Aqueous humour cytology in retinoblas­toma was first reported in 1960 by Schofield [3]. He reported malignant cells on aqueous hum­our paracentesis in four cases of hypopyon non responding to treatment. A diagnosis of diffuse infiltrating retinoblastoma was subse­quently confirmed histopathologically. He observed the malignant cells with large hyperchromatic nuclei arranged in clumps on cytological study. Later on a number of other investigators reported isolated case reports of positive aqueous humour cytology in retino­blastoma [4],[5],[6],[7]. Typical true rosettes in aque­ous humour cytology were also seen of these cases [3],[5],[6]

Stroma in retinoblastoma is sparse and the tumour cells show little cohesion [8]. This might be the reason for seedlings which may also be seen in the anterior chamber in an advanced stage of the tumour. Aqueous humour cyto­logy is particularly useful in cases with opa­que media and particularly in those centres where ultrasonography is not available or is unsatisfactory. [7]

The fact that only 18.2% of the cases of retinoblastoma showed positive aqueous cyto­logy shows that although a positive result proves the diagnosis, a negative result is not of much significance. It was observed that in those cases where the lesions involved a total area of less than a quadrant of retina (localised lesions) this investigation was of little value. However, in advanced cases present­ing with a large retrolental mass this investi­gation showed a positivity rate of 28.6%. Amongst the advanced cases endophytic type of lesions showed a higher positivity rate (42.9%) as compared to the exophyte type (14.3%), This might be due to the absence of retinal barrier in endophytic lesions which exists in glioma exophytum. Also predictably enough, cases in stage II were associated with positive aqueous cytology more commonly (25%) than with stage I tumours (14;0) but correlation seemed to be related more to the extent of the tumour than to the stage. The observation of only inflammatory cells in three of the cases may be explained by the inflammatory response to the toxins released by the tumour cells or the irritation by the products of the tumour necrosis. Source of the pigment laden cells was probably the Iris pigment epithelium.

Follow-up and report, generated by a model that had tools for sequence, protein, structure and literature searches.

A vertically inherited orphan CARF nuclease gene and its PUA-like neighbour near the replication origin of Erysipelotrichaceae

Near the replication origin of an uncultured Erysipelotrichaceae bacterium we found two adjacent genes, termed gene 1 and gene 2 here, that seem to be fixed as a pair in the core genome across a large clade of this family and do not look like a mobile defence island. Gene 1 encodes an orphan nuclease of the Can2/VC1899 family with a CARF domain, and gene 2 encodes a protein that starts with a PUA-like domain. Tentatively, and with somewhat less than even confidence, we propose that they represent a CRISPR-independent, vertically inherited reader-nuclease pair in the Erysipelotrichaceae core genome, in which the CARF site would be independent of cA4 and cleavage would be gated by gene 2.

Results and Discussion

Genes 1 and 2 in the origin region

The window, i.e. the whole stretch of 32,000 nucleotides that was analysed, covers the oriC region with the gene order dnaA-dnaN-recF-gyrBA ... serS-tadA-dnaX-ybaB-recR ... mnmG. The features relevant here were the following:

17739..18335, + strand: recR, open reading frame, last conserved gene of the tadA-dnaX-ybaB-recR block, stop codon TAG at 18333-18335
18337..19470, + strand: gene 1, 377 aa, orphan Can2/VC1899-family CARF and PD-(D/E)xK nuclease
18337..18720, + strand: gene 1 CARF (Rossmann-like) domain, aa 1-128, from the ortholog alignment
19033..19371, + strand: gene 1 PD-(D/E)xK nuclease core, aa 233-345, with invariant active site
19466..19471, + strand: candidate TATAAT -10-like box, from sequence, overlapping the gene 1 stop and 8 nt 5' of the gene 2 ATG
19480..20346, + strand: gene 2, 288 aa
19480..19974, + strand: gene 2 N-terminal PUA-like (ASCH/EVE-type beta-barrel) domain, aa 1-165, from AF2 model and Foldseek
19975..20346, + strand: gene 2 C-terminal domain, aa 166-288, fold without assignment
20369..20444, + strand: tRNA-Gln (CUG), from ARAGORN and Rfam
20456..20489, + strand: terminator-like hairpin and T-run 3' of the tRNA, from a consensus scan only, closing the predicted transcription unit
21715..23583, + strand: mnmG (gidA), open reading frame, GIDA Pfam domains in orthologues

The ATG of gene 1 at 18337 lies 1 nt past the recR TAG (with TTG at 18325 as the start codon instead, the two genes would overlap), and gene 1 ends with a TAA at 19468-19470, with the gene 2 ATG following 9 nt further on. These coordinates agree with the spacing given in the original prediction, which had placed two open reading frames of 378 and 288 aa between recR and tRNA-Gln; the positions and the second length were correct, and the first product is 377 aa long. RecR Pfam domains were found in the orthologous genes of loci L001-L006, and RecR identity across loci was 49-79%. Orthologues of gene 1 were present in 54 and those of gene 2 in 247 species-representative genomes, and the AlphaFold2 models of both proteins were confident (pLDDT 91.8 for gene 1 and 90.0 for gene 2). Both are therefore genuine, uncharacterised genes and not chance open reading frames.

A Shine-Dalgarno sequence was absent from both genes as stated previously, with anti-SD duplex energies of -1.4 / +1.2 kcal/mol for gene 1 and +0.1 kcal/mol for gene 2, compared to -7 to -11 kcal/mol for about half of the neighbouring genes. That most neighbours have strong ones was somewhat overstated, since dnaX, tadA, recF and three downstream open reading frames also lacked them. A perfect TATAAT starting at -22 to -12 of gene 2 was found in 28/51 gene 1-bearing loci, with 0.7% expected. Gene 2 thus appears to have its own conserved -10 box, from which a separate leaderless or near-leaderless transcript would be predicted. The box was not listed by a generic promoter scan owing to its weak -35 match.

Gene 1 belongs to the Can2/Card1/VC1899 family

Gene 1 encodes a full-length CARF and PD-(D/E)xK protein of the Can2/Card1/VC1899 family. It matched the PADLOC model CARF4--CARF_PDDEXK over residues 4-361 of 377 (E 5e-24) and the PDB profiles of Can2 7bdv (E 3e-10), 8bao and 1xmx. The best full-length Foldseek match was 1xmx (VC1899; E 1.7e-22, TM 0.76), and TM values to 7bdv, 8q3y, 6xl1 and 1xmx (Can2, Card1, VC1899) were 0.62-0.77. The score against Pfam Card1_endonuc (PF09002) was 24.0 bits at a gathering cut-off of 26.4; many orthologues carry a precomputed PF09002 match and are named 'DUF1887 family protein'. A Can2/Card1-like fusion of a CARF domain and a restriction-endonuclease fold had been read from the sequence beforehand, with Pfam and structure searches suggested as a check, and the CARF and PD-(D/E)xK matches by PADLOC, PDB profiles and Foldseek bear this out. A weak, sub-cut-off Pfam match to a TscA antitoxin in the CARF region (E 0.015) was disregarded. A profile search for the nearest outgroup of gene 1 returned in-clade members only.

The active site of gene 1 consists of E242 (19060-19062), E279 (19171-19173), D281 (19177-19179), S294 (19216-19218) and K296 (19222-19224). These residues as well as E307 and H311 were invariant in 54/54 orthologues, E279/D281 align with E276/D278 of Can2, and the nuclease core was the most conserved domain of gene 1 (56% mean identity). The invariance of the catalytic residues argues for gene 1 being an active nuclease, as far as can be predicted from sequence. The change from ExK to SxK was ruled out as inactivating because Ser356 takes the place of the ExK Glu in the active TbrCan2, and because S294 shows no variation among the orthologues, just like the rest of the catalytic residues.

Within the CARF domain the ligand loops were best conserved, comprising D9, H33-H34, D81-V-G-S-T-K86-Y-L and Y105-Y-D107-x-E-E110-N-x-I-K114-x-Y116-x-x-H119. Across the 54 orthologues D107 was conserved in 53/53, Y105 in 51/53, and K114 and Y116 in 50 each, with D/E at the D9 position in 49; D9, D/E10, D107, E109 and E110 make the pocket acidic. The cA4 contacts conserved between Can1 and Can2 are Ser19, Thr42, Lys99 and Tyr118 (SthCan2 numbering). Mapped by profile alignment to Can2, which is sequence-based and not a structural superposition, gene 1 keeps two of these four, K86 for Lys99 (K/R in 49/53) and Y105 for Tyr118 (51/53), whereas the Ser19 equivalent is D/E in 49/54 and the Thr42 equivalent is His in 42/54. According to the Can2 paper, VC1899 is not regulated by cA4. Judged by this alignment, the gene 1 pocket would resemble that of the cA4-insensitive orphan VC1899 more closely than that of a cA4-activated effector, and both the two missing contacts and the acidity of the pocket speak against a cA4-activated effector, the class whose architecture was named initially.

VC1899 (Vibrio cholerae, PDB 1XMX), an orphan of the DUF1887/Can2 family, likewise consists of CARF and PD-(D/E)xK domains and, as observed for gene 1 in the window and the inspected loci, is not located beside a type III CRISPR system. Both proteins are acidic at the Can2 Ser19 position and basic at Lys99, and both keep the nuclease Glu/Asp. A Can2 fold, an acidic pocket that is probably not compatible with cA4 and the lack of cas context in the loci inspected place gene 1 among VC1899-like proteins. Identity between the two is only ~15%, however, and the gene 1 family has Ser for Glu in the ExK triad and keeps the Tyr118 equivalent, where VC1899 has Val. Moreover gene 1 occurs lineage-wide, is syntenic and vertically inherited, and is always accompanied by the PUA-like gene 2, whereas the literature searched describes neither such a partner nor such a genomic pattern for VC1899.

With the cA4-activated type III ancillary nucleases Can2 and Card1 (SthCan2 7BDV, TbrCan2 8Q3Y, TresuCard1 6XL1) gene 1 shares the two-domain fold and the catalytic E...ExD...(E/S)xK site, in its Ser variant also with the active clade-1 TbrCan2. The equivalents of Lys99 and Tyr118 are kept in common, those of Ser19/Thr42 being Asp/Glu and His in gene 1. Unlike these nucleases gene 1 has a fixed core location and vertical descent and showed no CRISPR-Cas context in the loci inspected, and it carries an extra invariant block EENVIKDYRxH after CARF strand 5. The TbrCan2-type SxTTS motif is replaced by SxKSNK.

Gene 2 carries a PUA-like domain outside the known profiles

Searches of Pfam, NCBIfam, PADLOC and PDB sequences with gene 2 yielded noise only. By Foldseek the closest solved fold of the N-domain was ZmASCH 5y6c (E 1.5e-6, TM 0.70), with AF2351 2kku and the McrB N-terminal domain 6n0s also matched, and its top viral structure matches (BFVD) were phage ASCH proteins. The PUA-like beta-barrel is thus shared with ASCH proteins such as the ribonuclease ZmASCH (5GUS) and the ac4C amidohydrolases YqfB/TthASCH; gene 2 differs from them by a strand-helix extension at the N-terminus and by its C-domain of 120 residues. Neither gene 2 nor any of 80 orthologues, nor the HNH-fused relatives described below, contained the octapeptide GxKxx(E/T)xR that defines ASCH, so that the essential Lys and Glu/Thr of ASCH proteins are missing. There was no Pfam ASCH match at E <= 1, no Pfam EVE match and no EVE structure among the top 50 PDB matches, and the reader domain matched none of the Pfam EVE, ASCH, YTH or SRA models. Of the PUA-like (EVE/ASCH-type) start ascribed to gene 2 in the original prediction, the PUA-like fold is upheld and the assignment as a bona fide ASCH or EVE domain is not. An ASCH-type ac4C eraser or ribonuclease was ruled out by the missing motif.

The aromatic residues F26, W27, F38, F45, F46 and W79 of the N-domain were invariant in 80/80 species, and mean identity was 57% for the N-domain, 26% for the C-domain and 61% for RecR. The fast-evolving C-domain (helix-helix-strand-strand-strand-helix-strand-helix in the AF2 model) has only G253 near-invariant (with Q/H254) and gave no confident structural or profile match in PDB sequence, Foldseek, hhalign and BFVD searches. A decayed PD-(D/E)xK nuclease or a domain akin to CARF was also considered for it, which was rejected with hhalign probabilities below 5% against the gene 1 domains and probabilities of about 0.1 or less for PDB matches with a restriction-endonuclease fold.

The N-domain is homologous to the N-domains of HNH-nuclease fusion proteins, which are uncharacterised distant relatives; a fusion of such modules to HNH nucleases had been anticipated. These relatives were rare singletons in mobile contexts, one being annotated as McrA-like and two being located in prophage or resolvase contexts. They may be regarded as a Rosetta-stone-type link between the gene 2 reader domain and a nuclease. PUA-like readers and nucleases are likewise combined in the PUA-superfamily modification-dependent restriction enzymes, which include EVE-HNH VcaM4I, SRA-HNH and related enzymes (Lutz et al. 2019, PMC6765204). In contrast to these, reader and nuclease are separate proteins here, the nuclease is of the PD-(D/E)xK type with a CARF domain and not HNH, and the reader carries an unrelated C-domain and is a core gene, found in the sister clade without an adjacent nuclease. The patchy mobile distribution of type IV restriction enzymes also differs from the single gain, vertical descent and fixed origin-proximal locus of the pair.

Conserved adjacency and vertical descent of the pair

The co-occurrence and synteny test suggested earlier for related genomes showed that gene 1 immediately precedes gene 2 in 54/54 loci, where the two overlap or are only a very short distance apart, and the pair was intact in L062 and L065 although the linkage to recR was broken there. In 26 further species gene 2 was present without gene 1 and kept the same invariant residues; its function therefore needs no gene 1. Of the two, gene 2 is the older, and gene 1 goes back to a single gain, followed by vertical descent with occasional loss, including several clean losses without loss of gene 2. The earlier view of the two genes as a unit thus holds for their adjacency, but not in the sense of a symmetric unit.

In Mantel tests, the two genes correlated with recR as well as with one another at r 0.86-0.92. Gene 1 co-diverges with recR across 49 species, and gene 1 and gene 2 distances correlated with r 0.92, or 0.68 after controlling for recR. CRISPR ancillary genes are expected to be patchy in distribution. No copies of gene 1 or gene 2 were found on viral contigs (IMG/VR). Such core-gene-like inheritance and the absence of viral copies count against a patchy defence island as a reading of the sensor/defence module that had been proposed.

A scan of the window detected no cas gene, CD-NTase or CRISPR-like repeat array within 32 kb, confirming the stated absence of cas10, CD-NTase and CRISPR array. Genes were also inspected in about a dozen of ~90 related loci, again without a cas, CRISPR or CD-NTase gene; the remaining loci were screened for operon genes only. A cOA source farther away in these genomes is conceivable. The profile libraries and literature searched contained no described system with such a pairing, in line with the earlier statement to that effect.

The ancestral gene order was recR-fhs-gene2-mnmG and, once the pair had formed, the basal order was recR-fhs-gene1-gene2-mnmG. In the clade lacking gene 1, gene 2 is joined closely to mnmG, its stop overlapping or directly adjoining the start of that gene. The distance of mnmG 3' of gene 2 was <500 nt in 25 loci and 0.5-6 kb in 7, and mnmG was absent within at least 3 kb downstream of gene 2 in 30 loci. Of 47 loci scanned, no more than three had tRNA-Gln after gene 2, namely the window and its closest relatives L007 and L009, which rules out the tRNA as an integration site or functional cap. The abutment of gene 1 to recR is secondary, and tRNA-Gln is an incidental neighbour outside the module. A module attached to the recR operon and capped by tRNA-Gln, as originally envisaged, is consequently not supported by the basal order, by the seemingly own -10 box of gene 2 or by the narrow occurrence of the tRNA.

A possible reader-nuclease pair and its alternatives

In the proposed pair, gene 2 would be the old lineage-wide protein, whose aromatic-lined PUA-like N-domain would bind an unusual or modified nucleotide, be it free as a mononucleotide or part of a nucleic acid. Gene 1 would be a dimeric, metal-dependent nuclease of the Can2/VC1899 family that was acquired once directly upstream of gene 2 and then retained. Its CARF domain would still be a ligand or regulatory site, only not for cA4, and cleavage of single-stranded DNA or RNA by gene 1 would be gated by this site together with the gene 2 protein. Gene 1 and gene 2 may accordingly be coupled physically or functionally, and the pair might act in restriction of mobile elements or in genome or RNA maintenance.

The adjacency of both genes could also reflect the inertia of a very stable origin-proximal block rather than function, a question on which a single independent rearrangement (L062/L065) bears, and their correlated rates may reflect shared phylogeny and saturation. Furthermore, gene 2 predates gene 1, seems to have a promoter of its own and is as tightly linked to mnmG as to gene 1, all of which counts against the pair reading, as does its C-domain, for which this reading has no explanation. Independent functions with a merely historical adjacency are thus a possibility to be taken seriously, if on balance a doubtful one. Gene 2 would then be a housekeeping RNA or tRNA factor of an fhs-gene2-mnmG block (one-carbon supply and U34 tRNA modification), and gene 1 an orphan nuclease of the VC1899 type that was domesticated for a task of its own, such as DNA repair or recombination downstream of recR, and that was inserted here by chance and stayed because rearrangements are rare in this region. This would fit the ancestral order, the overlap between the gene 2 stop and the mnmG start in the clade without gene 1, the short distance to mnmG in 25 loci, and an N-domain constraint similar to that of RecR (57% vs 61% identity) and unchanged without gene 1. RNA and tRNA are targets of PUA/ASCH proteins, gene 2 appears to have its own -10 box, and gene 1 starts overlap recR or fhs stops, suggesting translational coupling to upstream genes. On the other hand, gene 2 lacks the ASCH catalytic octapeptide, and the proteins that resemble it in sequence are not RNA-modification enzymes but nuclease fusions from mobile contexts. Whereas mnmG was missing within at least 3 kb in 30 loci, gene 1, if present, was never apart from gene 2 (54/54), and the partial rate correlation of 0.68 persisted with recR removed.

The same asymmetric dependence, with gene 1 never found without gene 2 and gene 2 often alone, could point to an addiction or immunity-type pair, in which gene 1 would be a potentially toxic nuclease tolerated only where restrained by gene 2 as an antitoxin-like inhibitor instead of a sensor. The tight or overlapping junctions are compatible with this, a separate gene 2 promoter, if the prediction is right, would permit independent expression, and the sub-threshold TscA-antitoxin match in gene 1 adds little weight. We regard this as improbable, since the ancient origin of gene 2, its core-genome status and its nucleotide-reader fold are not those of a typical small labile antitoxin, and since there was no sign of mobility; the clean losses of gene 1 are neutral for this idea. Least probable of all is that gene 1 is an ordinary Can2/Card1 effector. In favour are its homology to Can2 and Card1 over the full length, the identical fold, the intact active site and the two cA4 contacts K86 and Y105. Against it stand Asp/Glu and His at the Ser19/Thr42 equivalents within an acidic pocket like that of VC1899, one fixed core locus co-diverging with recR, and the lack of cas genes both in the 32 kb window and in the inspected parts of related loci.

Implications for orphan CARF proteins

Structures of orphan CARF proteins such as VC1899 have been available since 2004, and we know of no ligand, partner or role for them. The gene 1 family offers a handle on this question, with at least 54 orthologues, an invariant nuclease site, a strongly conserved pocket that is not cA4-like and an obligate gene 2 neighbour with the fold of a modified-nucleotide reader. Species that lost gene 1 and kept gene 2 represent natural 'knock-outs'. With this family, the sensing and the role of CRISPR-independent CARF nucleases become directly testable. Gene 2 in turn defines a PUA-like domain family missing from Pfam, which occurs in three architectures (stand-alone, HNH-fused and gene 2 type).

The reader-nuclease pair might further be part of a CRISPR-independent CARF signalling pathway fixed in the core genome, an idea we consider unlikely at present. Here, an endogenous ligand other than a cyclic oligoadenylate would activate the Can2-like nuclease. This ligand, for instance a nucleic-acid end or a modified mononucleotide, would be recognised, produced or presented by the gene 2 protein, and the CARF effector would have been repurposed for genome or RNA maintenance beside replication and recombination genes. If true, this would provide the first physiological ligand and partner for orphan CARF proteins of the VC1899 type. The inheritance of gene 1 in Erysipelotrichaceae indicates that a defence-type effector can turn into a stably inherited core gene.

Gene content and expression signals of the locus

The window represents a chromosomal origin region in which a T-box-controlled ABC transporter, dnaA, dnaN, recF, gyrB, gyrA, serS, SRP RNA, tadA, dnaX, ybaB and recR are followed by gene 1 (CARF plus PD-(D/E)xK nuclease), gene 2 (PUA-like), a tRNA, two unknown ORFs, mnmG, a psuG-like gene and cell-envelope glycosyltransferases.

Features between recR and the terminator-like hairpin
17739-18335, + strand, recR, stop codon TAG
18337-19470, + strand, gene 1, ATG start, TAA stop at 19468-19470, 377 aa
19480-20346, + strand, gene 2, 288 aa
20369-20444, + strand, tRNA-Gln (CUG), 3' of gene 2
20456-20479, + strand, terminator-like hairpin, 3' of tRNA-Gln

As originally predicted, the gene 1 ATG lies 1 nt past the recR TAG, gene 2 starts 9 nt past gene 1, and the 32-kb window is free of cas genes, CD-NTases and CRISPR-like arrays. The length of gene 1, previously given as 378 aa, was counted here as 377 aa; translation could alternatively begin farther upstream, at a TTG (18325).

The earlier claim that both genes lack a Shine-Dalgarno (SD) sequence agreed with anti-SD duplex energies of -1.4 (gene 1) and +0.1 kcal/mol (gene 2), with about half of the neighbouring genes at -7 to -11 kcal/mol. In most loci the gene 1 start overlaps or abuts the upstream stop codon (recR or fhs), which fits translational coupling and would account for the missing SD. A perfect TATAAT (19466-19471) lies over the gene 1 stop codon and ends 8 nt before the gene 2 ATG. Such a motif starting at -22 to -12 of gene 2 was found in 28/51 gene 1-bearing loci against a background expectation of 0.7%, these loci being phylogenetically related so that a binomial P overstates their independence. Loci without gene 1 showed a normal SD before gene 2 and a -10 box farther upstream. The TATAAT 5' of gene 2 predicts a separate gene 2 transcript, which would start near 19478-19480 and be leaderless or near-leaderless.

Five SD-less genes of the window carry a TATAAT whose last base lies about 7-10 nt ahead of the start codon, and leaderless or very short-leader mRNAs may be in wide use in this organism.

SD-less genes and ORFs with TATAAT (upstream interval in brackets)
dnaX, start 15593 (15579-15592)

Summary Top


Aqueous humour cytology was studied in twenty two eyes of 17 patients of retinoblast. toma (intraocular stage). Only 18.2% of the cases showed malignant cells in aqueous smears. Cytology was observed to be positive only in cases with extensive lesions (28.6%). Endophytic type of tumours showed a higher positivity rate (42.9%) as compared to the exophytic type (14.3%). Although a positive result proves the diagnosis of retinoblastoma, a negative result is not of much significance.

 
  References Top

1.
Kaneko, A., Bibl. Ophthal. No. 83,119-124, (Karger. Basel, 1975).  Back to cited text no. 1
    
2.
Stafford, W. R., Yanoff, M., Parnell, B. L. 1969, Arch. Ophthalmol. 82:771.  Back to cited text no. 2
    
3.
Schofield, P. B., 1960, Brit. J. Ophthalmol. 44, 35-41.  Back to cited text no. 3
    
4.
Wotter, J. R.. Naylor, B., 1968. J. Paed. Oph­thalmol 5 : 36.  Back to cited text no. 4
    
5.
Zuper, M., Naib., 972, Acta Cytologica, 16; 178-85.  Back to cited text no. 5
    
6.
Sagiroglue. N.; Ozgomul, T. Muderris, S. 1975. Acta Cytologica 19 (1), 32-37.  Back to cited text no. 6
    
7.
Rodriguez, A„ 1977, Mod. Probl. Ophthalmol. 18; 142-148.  Back to cited text no. 7
    
8.
Reese, A. B., 1976, Tumours of the eye. Ed. 3 Hagerstown, Md. Harper and Row.  Back to cited text no. 8
    


    Figures

  [Figure - 1], [Figure - 2], [Figure - 3]
 
 
    Tables

  [Table - 1], [Table - 2], [Table - 3]